RASMUSSEN: Finding the right balance between Washington and America

During the holiday season, many reflect on finding the right balance in their lives. As a nation, we’re in a season of searching for the right balance between individual freedoms and the role of government.

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The clearest indication that things are out of balance nationally is that the median household income in our capital city is 73 percent higher than it is in America. This reality was reflected and exaggerated in “Hunger Games,” where the capital city lived in lavish excess at the expense of those living horribly in the outlying districts. While the movie presents an extreme example of the problem, five of the nation’s wealthiest counties now surround the capital.

In America today, the median household income is $51,017. In Washington, it’s $88,233. This places the Washington, D.C. market second only to Silicon Valley. But Silicon Valley earns its wealth by producing amazing and innovative products that make life better and more convenient for hundreds of millions of people.

Washington’s wealth comes from a far less productive reality. The business of the city is nothing more than trading favors and influence. Silicon Valley earns its wealth by serving others. In Washington, the opposite expectation exists.

According to the Washington Post, its hometown “has been the beneficiary of a decade-long, taxpayer-funded stimulus package.” Federal spending in the capital region — funded by those of us in outlying areas — soared from $29 billion in 2000 to $75 billion last year. One small congressional district on the outskirts of D.C. received nearly as much federal funding as all 36 districts in the state of Texas.

The corporate competition for these dollars has become so absurd that one political scientist published a study titled “The Business of America is Lobbying.” This may be the way Washington sees it, but in most of America, lobbyists are viewed as less ethical than even Congress.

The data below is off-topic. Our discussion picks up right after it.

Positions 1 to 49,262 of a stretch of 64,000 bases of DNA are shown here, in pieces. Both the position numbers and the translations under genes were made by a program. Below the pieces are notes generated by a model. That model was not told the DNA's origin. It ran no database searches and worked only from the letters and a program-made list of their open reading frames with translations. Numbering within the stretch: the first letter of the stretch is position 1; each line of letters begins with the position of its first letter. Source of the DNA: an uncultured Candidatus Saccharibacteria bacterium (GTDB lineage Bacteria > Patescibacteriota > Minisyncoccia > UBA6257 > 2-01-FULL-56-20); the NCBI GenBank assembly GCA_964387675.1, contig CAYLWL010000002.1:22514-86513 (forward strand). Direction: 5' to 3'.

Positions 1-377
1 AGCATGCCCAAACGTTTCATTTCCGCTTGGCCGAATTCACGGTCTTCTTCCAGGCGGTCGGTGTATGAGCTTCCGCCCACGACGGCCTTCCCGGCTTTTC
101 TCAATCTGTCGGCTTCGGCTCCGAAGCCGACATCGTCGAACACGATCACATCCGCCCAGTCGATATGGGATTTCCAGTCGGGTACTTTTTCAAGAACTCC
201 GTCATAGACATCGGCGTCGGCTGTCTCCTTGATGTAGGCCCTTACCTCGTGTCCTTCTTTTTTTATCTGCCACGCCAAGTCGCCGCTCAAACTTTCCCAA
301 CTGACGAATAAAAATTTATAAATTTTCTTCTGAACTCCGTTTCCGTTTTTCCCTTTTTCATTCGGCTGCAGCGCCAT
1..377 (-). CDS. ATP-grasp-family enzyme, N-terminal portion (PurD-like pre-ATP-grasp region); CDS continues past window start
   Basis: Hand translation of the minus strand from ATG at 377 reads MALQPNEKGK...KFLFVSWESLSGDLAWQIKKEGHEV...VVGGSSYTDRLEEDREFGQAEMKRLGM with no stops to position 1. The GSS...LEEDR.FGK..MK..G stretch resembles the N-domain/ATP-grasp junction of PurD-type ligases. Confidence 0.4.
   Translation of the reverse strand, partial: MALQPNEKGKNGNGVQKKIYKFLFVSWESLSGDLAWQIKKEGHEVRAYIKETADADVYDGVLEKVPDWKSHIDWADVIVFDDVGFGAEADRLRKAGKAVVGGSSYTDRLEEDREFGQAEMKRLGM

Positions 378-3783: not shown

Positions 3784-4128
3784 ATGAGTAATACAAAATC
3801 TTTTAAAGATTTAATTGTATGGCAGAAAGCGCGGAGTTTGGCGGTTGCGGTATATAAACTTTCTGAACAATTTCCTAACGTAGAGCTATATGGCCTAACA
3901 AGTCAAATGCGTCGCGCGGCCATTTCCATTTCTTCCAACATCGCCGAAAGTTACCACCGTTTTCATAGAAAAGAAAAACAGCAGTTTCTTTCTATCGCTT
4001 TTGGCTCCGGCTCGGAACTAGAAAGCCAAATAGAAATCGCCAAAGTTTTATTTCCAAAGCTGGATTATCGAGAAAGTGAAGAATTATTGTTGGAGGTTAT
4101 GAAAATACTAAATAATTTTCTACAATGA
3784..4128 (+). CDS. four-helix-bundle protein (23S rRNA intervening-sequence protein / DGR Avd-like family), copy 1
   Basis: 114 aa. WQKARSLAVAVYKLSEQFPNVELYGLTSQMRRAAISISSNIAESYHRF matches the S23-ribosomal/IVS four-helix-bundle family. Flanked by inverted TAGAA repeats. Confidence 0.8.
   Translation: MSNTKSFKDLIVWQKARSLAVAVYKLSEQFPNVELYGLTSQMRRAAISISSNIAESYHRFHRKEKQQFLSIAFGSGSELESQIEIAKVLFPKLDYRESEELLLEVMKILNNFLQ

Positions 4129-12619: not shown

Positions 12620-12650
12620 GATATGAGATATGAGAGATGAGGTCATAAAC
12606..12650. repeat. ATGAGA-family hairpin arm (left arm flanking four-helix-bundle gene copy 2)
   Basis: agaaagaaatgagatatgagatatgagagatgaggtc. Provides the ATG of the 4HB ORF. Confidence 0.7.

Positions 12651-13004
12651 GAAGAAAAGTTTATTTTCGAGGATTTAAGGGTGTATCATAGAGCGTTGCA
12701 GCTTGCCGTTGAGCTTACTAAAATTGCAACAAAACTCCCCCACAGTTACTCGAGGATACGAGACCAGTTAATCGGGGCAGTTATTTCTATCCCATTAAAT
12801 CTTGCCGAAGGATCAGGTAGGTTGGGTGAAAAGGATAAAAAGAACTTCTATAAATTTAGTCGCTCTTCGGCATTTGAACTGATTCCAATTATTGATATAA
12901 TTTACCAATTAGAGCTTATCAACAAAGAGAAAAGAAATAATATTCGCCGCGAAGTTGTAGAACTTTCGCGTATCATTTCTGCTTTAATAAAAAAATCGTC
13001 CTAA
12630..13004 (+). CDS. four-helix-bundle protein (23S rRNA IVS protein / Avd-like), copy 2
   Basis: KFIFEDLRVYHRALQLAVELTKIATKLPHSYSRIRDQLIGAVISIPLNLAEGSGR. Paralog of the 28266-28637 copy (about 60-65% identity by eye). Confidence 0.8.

The unfortunate reality is that the Washington household income is $37,000 higher than the rest of the nation’s solely because the federal government is too powerful.

On the bright side, this gives us a great way to measure progress toward the goal of reducing the excessive power of the federal government. We will know proper balance has been restored when this $37,000 gap is eliminated and the median income in Washington matches the median income in America.

This is a much more comprehensive goal than simply focusing on federal spending. During former President Ronald Reagan’s time in the White House, the federal government consistently spent about 22 percent of the nation’s gross domestic product, and it is projected to do the same next year.

Despite this consistent level of spending, however, the federal government is far more powerful today than ever before. Reasonable estimates suggest that the federal government directly controlled just over 27 percent of the nation’s economy in the 1960s. Today, thanks to the growth of regulation and crony capitalism, this figure has grown to 55 percent or even higher.

Focusing on the excessive income in D.C. does not tell us how to fight crony capitalism and find the right balance between the role of government and individual freedom. But it is a valuable tool for measuring our progress. If the income gap grows, we’re becoming more like “The Hunger Games.” If the gap closes, we’re getting closer to the American dream.


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